What are the perks and potential pitfalls of making and serving food in repurposed spaces? And how does the space’s heritage inform customers’ experiences? Restaurant Insider caught up with three industry insiders to find out.
Jennifer Weishaupt, founder & CEO of The Ruby Slipper Café, which has cafés in Louisiana, Florida and Alabama
As New Orleans rebuilt after Hurricane Katrina, Jennifer and Erich Weishaupt, both engineers with no prior restaurant experience, got the idea to open a brunch and breakfast restaurant in a former corner store in their New Orleans neighborhood of Mid-City. “It would attract people to the neighborhood and also provide a place for neighbors who are already in the neighborhood,” Jennifer says. “Restaurants are gathering spaces and focal points in a neighborhood.”
The result was The Ruby Slipper Café, which now has nine locations across the Southeast, including two in former banks, one in a former Carpenters Union Hall and one in a former McCrory’s five & dime store, where civil rights activist Oretha Castle Haley famously staged a sit-in. The cafés share some commonalities, such as large chalkboards explaining the history of the building and the neighborhood. (In addition to Haley’s sit-in, there’s an urban legend that Bonnie and Clyde robbed one of the banks that now houses a Ruby Slipper, although the Weishaupts haven’t been able to verify that story).
However, Jennifer says each location has its own look and feel. “When you look at our restaurants, there’s nothing cookie-cutter about them,” she explains. “They’re all designed and decorated to fit the buildings that house them and the neighborhoods those buildings are in. … Every Ruby Slipper is unique. That’s what people really love about it.”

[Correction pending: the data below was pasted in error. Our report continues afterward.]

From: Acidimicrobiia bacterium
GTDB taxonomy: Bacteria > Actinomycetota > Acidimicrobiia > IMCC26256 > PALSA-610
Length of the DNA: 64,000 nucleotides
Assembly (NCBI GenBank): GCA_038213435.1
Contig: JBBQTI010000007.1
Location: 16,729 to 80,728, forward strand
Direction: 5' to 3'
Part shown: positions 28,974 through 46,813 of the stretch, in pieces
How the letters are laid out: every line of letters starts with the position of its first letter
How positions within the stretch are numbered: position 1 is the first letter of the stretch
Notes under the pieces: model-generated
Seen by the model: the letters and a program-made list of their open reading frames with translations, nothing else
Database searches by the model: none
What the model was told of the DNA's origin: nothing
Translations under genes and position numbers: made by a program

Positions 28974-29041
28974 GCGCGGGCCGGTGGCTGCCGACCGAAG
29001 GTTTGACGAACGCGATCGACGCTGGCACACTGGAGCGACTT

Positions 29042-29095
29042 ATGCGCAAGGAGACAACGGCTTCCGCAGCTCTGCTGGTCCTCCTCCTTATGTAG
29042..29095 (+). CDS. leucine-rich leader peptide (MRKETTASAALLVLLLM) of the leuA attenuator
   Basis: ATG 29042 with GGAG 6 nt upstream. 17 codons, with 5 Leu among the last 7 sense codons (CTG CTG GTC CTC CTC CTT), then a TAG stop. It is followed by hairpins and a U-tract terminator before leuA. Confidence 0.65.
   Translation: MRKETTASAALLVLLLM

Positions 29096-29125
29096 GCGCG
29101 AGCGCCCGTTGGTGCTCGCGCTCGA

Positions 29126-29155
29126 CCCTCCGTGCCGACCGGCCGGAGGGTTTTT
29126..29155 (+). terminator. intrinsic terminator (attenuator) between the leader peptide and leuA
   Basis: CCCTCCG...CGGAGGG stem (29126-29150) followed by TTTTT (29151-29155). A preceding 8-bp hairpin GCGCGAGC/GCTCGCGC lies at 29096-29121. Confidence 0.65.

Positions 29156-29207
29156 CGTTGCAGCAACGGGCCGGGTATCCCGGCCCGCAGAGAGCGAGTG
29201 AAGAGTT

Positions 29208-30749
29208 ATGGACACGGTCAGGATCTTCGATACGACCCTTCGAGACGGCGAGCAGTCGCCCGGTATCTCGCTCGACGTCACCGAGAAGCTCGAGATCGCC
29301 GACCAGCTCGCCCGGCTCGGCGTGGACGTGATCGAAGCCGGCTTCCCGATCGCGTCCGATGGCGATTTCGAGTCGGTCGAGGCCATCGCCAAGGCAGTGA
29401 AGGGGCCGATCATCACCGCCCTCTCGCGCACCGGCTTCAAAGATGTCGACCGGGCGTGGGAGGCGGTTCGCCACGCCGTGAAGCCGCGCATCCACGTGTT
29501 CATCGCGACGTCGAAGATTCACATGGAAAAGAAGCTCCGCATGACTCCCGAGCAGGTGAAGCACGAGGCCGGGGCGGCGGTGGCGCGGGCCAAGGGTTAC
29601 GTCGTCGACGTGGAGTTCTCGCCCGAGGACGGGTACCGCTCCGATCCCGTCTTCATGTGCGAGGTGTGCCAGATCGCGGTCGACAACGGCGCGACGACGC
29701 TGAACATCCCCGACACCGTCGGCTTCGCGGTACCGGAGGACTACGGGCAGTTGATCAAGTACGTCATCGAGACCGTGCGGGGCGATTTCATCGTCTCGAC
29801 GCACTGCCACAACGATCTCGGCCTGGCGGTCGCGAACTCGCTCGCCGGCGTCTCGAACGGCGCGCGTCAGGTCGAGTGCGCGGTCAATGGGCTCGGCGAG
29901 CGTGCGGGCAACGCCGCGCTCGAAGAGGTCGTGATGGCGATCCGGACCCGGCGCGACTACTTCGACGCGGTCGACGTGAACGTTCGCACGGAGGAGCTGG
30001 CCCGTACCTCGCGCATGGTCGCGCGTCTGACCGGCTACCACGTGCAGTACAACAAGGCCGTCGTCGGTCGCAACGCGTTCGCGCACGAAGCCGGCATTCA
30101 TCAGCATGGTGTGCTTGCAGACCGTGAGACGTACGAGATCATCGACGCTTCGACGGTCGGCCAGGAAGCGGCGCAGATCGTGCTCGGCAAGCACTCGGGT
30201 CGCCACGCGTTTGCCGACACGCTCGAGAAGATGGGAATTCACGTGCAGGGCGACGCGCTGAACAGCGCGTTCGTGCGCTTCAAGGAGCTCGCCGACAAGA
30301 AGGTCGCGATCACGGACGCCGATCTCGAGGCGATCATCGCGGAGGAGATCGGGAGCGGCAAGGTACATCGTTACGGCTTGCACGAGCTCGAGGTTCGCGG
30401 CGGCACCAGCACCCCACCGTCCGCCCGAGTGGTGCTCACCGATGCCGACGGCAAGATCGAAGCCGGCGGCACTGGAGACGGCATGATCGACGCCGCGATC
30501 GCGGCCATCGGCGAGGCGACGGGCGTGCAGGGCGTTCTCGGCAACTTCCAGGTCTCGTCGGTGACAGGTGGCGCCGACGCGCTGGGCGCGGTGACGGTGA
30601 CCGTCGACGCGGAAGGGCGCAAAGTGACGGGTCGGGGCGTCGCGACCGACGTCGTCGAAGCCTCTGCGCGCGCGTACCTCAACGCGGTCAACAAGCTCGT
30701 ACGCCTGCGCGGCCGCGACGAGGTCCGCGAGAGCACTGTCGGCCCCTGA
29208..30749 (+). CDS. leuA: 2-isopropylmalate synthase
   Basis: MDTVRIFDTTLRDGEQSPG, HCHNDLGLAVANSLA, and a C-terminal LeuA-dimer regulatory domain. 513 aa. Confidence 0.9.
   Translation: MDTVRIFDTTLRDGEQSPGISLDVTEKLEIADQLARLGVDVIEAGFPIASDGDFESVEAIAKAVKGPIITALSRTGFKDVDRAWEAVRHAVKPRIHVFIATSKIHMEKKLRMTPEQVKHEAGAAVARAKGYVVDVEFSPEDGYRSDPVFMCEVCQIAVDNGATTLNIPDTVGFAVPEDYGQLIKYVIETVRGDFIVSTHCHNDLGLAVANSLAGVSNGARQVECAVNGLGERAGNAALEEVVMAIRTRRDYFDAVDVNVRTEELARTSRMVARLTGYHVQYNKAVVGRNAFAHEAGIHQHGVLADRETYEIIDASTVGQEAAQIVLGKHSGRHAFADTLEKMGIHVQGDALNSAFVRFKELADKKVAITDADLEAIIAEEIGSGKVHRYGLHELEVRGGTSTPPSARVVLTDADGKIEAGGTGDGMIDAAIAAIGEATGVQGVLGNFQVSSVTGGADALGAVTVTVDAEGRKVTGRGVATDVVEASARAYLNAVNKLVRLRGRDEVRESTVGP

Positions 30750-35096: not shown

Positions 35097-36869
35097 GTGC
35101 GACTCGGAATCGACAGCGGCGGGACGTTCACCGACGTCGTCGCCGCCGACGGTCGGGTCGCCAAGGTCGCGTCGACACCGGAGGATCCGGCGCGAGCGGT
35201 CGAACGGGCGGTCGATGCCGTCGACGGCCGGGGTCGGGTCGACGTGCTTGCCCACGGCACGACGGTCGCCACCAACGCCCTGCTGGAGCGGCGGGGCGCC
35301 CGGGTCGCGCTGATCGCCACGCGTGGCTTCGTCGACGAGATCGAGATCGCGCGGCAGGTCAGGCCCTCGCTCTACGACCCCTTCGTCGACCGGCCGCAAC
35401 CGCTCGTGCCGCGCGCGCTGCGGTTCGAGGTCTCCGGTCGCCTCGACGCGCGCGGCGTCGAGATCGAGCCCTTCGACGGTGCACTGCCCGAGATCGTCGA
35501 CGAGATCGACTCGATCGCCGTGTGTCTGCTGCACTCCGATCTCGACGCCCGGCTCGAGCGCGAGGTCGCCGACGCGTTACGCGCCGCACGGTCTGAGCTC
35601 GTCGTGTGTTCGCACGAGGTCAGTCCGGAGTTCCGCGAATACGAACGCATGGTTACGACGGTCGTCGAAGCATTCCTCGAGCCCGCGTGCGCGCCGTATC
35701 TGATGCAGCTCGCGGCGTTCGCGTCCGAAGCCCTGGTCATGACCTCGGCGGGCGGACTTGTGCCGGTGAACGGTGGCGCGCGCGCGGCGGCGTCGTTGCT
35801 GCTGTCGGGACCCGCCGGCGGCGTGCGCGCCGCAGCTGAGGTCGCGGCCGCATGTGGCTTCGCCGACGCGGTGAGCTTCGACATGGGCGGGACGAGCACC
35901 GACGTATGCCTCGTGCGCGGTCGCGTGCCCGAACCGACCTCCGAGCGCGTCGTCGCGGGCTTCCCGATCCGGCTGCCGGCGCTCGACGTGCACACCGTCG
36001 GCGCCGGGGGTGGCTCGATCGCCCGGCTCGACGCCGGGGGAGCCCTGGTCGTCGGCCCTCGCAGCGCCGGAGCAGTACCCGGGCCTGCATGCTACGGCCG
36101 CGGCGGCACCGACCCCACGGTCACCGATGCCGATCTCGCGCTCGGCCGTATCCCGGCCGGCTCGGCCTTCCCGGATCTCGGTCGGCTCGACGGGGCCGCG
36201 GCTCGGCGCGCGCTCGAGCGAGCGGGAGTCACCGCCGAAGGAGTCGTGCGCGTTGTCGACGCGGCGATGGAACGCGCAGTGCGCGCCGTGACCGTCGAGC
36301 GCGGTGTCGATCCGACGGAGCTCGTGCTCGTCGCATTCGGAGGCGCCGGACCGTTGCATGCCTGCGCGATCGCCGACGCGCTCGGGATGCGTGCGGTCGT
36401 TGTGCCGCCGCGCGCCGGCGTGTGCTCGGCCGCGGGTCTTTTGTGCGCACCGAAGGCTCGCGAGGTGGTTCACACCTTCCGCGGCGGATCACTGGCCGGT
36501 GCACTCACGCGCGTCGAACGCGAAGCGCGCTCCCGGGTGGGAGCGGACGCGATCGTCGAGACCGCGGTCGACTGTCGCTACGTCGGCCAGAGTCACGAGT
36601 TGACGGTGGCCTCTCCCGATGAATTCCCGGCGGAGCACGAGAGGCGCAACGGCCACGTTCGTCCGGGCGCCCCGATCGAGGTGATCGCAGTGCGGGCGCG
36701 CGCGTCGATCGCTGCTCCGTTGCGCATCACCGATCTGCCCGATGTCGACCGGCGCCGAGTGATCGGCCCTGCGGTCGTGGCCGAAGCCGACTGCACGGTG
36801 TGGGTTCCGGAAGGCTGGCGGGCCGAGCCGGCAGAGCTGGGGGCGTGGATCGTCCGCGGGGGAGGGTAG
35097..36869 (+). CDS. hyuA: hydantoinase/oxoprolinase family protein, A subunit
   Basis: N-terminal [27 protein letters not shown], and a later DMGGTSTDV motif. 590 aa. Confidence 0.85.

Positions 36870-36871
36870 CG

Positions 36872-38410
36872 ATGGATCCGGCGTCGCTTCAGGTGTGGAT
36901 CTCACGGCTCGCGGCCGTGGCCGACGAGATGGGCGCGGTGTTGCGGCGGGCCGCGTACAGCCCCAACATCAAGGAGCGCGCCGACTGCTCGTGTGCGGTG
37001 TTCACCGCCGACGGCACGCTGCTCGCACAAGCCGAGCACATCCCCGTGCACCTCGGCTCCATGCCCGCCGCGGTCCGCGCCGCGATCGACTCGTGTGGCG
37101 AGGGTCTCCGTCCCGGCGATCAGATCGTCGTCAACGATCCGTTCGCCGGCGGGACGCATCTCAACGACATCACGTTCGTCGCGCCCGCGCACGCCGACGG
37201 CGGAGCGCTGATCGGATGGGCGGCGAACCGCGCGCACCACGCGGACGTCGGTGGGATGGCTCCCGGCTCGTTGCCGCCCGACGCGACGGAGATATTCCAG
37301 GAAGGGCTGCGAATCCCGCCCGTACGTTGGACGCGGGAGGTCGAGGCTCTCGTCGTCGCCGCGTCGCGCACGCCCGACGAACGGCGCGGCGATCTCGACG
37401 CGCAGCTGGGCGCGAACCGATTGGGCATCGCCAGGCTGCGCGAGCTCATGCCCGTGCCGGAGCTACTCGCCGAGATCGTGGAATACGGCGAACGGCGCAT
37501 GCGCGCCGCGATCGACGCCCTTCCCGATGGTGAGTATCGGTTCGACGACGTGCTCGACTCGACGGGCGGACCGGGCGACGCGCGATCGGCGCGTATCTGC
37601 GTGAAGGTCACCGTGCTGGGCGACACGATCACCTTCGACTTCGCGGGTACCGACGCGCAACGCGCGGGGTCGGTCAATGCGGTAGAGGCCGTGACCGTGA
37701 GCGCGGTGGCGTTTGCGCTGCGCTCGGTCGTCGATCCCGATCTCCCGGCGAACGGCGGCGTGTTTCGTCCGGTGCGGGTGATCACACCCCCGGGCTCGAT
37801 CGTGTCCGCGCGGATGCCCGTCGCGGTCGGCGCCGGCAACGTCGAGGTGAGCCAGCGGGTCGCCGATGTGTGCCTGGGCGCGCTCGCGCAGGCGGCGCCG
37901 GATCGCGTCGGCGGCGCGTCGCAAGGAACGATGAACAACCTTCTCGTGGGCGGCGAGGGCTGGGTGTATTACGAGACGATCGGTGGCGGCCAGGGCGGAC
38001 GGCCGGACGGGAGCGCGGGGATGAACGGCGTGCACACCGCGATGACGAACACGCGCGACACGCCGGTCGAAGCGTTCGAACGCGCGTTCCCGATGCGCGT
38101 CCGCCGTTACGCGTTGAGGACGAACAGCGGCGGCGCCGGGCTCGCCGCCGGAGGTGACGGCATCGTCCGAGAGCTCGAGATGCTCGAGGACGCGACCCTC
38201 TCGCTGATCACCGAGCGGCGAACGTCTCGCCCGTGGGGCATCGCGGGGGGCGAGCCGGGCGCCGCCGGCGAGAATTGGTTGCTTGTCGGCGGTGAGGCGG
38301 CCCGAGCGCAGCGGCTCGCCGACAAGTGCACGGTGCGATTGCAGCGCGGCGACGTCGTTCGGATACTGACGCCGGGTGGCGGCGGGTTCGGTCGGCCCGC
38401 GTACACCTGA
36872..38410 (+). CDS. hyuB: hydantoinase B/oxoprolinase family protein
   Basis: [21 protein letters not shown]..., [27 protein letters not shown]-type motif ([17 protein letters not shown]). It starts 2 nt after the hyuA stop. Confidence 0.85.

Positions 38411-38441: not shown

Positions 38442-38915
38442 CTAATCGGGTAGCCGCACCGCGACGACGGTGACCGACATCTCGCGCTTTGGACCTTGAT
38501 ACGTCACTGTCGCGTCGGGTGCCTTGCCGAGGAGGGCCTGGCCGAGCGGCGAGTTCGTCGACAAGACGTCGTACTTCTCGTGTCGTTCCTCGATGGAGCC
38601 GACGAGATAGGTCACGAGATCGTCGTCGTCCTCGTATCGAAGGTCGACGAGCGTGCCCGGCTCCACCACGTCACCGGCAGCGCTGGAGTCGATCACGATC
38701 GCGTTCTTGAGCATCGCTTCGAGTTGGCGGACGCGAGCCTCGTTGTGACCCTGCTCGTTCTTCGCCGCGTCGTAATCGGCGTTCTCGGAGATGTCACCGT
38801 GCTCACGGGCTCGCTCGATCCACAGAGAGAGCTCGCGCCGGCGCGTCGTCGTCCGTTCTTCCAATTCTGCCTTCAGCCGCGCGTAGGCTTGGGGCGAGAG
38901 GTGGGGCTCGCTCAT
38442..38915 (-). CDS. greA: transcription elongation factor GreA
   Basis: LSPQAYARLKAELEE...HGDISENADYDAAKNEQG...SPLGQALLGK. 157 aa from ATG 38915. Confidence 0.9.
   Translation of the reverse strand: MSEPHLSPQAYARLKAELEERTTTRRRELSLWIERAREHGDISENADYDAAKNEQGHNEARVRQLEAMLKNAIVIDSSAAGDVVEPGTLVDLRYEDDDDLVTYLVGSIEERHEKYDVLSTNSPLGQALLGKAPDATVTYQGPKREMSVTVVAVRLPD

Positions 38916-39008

Jennifer’s husband, Erich, is an electrical engineer, and he handles design and construction. For one of the former banks, the interior had no remnants of the building’s past life, so Erich salvaged an old bank teller window from the same period and the carpenter build a wall around it. “That’s how we get into our semi-private dining area,” Jennifer says. “It gives it more of a feel so you would know when you walked in that this building had another life previously.”
Some of these renovation projects qualified for the Federal Historic Rehabilitation Tax Credit, which Jennifer says required a meticulous attention to details and layers of approval. “To do a historic renovation like that or to do an adaptive reuse of an existing building, it costs a lot more than reusing an existing restaurant space that’s not in a historic space, but [it gives us the] feel we want people to have,” she says.
“To do an adaptive reuse of an existing building, it costs a lot more than reusing an existing restaurant space that’s not in a historic space, but [it gives us the] feel we want people to have.” -Jennifer Weishaupt
Jim Nawn, owner of Fenwick Hospitality Group in Princeton, New Jersey
Two of Fenwick’s properties sit side-by-side on Princeton University’s campus in buildings previously used by a small train line (nicknamed “The Dinky”) that ran to the campus. The Dinky Bar & Kitchen uses the building that used to be the train’s passenger and ticket office, while Cargot Brasserie uses the former freight and cargo building. Both names nod to the buildings’ unique heritage, and Dinky serves some food and drinks that point to the old rail line.